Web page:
Elton John – Goodbye Yellow Brick Road (1973)

AllMusic Review: It was designed to be a blockbuster and it was. Prior to Goodbye Yellow Brick Road, Elton John had hits — his second album, Elton John, went Top 10 in the U.S. and U.K., and he had smash singles in “Crocodile Rock” and “Daniel” — but this 1973 album was a statement of purpose spilling over two LPs, which was all the better to showcase every element of John’s spangled personality. Opening with the 11-minute melodramatic exercise “Funeral for a Friend/Love Lies Bleeding” — as prog as Elton ever got — Goodbye Yellow Brick Road immediately embraces excess but also tunefulness, as John immediately switches over to “Candle in the Wind” and “Bennie & the Jets,” two songs that form the core of his canon and go a long way toward explaining the over-stuffed appeal of Goodbye Yellow Brick Road. This was truly the debut of Elton John the entertainer, the pro who knows how to satisfy every segment of his audience, and this eagerness to please means the record is giddy but also overwhelming, a rush of too much muchness. Still, taken a side at a time, or even a song a time, it is a thing of wonder, serving up such perfectly sculpted pop songs as “Grey Seal,” full-bore rockers as “Saturday Night’s Alright for Fighting” and “Your Sister Can’t Twist (But She Can Rock & Roll),” cinematic ballads like “I’ve Seen That Movie Too,” throwbacks to the dusty conceptual sweep of Tumbleweed Connection in the form of “The Ballad of Danny Bailey (1909-34),” and preposterous glam novelties, like “Jamaica Jerk-Off.” This touched on everything John did before, and suggested ways he’d move in the near-future, and that sprawl is always messy but usually delightful, a testament to Elton’s ’70s power as a star and a musician. — Stephen Thomas Erlewine

Track Listing

Side one
No. Title Length
1. “Funeral for a Friend/Love Lies Bleeding” 11:09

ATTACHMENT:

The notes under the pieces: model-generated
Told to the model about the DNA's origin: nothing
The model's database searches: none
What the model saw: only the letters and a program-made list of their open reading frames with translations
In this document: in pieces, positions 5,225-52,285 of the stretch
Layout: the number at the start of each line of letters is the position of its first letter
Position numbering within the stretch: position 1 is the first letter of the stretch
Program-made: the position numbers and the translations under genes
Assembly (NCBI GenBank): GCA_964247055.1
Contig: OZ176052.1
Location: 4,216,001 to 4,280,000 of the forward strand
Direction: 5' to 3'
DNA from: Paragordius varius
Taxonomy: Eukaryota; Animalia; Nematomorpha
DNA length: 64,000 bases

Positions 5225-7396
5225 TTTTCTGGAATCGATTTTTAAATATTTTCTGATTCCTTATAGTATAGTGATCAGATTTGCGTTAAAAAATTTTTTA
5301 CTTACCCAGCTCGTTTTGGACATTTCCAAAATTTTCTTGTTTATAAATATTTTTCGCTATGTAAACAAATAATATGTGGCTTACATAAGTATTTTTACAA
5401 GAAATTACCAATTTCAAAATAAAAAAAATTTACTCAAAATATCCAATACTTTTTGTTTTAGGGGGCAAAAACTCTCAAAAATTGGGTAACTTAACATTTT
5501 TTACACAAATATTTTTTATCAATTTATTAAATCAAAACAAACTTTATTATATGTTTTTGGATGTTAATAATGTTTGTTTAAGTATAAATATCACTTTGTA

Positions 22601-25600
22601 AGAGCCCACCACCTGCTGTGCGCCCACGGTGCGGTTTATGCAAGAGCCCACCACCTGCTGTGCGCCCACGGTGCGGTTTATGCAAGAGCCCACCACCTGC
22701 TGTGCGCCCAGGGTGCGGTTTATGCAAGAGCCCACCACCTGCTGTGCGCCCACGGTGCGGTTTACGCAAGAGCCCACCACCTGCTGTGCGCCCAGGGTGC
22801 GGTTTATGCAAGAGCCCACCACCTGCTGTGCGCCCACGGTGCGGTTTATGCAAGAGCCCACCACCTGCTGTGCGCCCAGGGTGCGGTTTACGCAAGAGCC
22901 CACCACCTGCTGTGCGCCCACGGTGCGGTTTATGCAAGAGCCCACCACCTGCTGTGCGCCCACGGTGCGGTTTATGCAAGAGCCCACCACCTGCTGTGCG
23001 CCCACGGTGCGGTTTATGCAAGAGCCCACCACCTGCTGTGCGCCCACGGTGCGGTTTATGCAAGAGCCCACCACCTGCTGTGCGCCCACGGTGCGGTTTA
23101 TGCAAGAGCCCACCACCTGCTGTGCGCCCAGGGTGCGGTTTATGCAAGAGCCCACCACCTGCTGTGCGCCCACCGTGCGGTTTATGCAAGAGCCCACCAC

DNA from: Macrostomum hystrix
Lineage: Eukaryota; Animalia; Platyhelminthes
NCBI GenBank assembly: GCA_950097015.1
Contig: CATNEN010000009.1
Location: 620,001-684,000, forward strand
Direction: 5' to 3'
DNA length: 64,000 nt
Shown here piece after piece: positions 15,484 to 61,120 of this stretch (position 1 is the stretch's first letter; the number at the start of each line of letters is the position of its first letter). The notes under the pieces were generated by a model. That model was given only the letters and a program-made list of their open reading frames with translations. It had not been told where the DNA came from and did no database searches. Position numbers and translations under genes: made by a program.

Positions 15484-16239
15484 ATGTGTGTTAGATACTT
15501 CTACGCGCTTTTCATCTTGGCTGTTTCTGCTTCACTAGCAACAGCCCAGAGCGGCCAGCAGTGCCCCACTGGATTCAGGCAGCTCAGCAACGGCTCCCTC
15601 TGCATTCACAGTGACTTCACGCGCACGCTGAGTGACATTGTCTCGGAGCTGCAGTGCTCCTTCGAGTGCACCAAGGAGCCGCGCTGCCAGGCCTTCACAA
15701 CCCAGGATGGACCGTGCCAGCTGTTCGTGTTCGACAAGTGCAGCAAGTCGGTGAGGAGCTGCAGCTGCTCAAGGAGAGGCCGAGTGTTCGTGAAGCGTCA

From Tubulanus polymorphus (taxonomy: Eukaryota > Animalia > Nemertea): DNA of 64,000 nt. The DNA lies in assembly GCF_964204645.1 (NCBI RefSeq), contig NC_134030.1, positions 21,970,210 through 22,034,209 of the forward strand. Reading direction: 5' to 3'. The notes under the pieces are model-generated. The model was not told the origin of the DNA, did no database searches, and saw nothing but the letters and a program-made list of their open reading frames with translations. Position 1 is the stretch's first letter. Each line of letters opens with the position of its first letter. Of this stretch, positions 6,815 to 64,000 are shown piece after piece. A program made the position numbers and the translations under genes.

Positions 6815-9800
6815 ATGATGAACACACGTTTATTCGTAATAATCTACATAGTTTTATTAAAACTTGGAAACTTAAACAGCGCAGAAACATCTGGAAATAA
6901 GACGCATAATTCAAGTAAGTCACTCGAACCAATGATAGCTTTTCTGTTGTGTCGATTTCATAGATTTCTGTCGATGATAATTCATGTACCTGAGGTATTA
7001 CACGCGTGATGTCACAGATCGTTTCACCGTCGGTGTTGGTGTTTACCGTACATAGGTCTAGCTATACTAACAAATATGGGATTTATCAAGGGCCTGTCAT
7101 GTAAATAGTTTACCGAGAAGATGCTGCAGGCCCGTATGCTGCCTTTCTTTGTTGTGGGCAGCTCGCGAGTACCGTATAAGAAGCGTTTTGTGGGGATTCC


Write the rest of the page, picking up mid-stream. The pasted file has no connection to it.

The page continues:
2. “Candle in the Wind” 3:50
3. “Bennie and the Jets” 5:23
Side two
No. Title Length
1. “Goodbye Yellow Brick Road” 3:13
2. “This Song Has No Title” 2:23
3. “Grey Seal” 4:00
4. “Jamaica Jerk-Off” 3:39
5. “I’ve Seen That Movie Too” 5:59
Side three
No. Title Length
1. “Sweet Painted Lady” 3:54
2. “The Ballad of Danny Bailey (1909–34)” 4:23
3. “Dirty Little Girl” 5:00
4. “All the Girls Love Alice” 5:09
Side four
No. Title Length
1. “Your Sister Can’t Twist (But She Can Rock ‘n Roll)” 2:42
2. “Saturday Night’s Alright for Fighting” 4:57
3. “Roy Rogers” 4:07
4. “Social Disease” 3:42
5. “Harmony” 2:46
Total length: 76:20



Schill Score:  9.5/10


Listen to Album


Elton John – Madman Across The Water (1971)

AllMusic Review: Trading the cinematic aspirations of Tumbleweed Connection for a tentative stab at prog rock, Elton John and Bernie Taupin delivered another excellent collection of songs with Madman Across the Water. Like its two predecessors, Madman Across the Water is driven by the sweeping string arrangements of Paul Buckmaster, who gives the songs here a richly dark and haunting edge. And these are songs that benefit from grandiose treatments. With most songs clocking in around five minutes, the record feels like a major work, and in many ways it is. While it’s not as adventurous as Tumbleweed Connection, the overall quality of the record is very high, particularly on character sketches “Levon” and “Razor Face,” as well as the melodramatic “Tiny Dancer” and the paranoid title track. Madman Across the Water begins to fall apart toward the end, but the record remains an ambitious and rewarding work, and John never attained its darkly introspective atmosphere again. — Stephen Thomas Erlewine

Track Listing:

Side one
No. Title Length
1. “Tiny Dancer” 6:17
2. “Levon” 5:22
3. “Razor Face” 4:42
4. “Madman Across the Water” 5:57
Side two
No. Title Length
1. “Indian Sunset” 6:47
2. “Holiday Inn” 4:17
3. “Rotten Peaches” 4:58
4. “All the Nasties” 5:09
5. “Goodbye” 1:49


Schill Score: 9.5/10


Listen to Album